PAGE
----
Kaufman begins to push the boundaries after he’s told by an art dealer that his work is good, but that it could be even better.
That he just needs to try a little harder — to go that extra mile.
So the photographer starts wandering the streets of the city in the early hours, looking for suitable subjects — in effect looking for trouble.
And he finds it, on his first sojourn into the subway, when he manages to prevent a gang of thugs from raping a female traveller.
The woman thanks him, but he later learns that she has gone missing, spurring him to take his pics to the police.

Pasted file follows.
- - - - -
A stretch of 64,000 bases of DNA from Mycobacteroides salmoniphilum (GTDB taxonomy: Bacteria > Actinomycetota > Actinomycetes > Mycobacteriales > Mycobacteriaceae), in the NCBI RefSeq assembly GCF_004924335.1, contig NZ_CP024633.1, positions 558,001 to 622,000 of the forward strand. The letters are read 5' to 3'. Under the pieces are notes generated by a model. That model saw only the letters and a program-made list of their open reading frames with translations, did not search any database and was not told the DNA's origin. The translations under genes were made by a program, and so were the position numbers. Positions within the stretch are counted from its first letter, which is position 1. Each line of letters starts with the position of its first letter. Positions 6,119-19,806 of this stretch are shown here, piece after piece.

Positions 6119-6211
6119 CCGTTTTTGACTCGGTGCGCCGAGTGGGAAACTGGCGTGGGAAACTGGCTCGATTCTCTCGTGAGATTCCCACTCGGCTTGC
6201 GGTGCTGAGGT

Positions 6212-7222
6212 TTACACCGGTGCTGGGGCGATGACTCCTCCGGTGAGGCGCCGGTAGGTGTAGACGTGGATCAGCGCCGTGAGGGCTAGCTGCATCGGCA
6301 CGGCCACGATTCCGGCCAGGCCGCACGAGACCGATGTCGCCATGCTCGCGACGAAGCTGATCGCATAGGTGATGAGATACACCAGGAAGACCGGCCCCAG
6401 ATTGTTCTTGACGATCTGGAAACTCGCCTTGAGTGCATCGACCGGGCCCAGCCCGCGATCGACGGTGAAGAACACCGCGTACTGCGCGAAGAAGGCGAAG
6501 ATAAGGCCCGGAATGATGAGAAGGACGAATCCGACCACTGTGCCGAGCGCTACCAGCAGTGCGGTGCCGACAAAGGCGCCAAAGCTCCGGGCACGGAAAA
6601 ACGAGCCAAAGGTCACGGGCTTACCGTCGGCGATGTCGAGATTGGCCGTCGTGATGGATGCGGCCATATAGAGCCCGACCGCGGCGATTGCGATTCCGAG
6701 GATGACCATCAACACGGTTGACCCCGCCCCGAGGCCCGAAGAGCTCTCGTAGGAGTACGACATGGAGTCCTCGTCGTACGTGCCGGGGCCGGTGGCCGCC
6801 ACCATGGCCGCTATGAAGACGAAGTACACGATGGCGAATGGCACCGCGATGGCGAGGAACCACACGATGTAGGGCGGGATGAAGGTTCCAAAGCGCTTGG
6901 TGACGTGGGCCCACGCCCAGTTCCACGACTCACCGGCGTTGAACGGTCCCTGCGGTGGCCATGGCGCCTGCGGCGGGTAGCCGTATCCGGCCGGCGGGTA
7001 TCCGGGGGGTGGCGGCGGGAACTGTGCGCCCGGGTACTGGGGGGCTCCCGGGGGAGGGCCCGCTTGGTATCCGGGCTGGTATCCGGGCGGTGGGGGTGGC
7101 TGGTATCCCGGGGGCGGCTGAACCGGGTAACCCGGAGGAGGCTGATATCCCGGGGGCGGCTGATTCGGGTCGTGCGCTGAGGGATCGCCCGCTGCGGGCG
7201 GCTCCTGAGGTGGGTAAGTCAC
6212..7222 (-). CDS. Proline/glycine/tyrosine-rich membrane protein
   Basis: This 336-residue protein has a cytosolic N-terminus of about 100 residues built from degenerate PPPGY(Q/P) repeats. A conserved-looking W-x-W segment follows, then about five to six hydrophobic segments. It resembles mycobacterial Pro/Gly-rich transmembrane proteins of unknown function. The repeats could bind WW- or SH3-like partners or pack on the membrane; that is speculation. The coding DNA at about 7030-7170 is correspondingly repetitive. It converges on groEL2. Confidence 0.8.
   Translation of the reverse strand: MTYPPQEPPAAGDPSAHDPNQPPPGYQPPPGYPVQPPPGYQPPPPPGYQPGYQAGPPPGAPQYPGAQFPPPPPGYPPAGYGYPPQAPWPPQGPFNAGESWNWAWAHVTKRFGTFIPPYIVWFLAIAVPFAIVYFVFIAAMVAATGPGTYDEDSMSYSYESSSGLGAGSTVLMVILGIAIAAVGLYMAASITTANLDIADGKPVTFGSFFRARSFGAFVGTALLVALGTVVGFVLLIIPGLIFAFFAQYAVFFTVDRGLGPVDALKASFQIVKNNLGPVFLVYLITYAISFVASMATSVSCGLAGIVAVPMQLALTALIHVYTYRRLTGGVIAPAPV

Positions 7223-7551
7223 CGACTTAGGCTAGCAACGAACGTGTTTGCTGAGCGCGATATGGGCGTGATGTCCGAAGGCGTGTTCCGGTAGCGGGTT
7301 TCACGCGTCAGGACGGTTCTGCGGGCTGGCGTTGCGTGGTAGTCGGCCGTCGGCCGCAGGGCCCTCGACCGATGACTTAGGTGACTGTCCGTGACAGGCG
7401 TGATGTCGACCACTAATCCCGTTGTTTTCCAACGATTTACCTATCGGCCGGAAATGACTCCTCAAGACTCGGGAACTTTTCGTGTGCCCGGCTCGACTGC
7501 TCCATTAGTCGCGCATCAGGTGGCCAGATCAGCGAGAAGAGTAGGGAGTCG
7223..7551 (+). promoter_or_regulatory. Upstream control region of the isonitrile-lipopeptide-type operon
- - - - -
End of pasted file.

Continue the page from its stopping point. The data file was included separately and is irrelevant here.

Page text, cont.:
The police are surprisingly uninterested, so Kaufman decides to take matters into his own hands, discovering the woman, a professional model, is not the first person to disappear — that it has been happening over a period of many years.
Directed by Japanese Ryuhei Kitamura, The Midnight Meat Train isa first rate thriller, at least before the story wanders off into the supernatural, becoming a little silly towards the end.
Despite moving to Sydney, Australia when he was just 17, this is Kitamura’s first English-speaking film.